“A conversation is a dialogue, not a monologue. That’s why there are so few good conversations: due to scarcity, two intelligent talkers seldom meet. “
Very few people actually like small talk and too often a conversation results in wasted time. It is important to understand that good conversation can make or break a relationship. On the flip site, we spend so much of our time trying to make an impression on people and less time trying to listen to what they have to say. If you value time and friendship, you would want to maximize your conversation to end up being a meaningful.
So the next time you are striking up a conversation remember these 4 tips to make sure you leave them with a remarkable conversation and a lastingly positive impression.
We tend to value “genuine” people and think poorly of those whom we perceive as being “fake”. Being genuine is first of all what makes a conversation, meaningful. Genuine people speak their mind. This is actually a two-step habit. Genuine people take time to figure out their own opinions and perspectives about things, and they are not shy about sharing their thought-out opinions with others. Make the conversation because you want to. If you do not feel like doing it but you feel obliged because of your responsibility, make the effort to do a short talk. If this is to be done out of obligation, you need to motivate yourself into doing it for a certain purpose or incentive.
Curious people are often considered good listeners which is key for great conversation. Curiosity is a fundamental piece of that work and a powerful tool. When talking with others, you can channel your natural curiosity, asking questions that start with “how,” “what,” “when,” “where” and “why,”. Put yourself in the mindset of being curious to learn more about the other person. You’ll listen more intently, your body language will show that you’re engaged, and you’ll naturally think of questions that move the conversation forward. Being curious about others is a highly attractive quality, and it creates immediate interest and intimacy.
Be there 100%
Most of us love to talk, but many of us are not that great as listeners. Hearing isn’t necessarily listening, nor is it necessarily listening well. According to Bernard Ferrari, author of Power Listening: Mastering the Most Critical Business Skill of All, good listening is the key to developing fresh insights and ideas that fuel success. Also, just because you’re quiet and you let others do 80% of the talking, doesn’t mean you’re a good listenerWe are so involved in what we are going to say next that we basically stop paying attention to what the other person is saying and our body language consequently turns to one of impatience or disinterest. The best listeners recognize that they cannot succeed without seeking out information from those around them and they let those people know that they have unique input that is valuable. A great listener listens and stores interesting tidbits for the next conversation. Maybe the person you were talking to mentioned how he was taking up a new hobby or idea for their next great project. Remember the name of the person, where they are from and where does their family live. Remember their children’s names or pet’s name the next time you meet them; they’ll be happy to see how much of an impression they made on you.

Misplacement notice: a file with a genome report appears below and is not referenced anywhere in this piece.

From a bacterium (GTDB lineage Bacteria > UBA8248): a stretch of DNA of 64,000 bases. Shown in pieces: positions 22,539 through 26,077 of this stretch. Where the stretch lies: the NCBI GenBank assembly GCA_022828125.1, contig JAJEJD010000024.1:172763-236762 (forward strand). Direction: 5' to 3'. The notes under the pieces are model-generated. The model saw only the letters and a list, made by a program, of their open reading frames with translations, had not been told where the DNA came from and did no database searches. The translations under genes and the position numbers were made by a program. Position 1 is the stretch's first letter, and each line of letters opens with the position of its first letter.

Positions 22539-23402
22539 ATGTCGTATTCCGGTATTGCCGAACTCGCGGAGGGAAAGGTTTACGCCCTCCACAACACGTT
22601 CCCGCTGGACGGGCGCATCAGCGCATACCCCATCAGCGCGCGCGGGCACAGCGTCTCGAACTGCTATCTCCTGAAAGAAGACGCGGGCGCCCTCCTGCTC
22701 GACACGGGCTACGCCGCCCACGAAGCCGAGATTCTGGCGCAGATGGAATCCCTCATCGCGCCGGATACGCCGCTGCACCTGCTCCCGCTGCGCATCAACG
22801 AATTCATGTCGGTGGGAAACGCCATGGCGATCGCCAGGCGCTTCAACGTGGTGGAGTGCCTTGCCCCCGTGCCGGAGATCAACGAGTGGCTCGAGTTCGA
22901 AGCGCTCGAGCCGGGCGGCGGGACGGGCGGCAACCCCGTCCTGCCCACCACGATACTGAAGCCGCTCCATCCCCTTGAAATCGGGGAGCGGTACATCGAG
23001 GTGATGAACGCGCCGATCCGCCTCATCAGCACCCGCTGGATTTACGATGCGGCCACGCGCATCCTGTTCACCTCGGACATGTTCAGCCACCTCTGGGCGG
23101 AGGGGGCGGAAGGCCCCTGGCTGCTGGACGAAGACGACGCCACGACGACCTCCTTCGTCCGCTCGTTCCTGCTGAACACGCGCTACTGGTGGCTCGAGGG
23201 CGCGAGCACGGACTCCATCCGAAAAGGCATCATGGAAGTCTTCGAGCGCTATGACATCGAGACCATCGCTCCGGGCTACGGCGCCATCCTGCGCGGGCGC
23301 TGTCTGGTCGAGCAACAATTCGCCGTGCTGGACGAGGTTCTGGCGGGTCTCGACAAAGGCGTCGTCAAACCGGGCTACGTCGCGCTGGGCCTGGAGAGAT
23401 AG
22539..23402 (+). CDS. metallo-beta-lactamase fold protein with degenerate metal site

Be Nice & Positive
Have you ever met a warm person who made you feel comfortable and relaxed within a few minutes of meeting them. When you’re happy in your own shoes, the world will start to love you for your infectious happiness. Plus, you never know what is going on on the other person’s life of how their day is going so far. Don’t obsess about the bad things in life. Enjoy every moment of life and share your happiness with people around you. Positive people always have a sparkle in their eyes, and draw friends and admirers closer all the time.
The person you are talking to might have met plenty of new faces that day, and he or she won’t necessarily remember what you talked about or said to him/her. But people really tend to remember how you made them feel.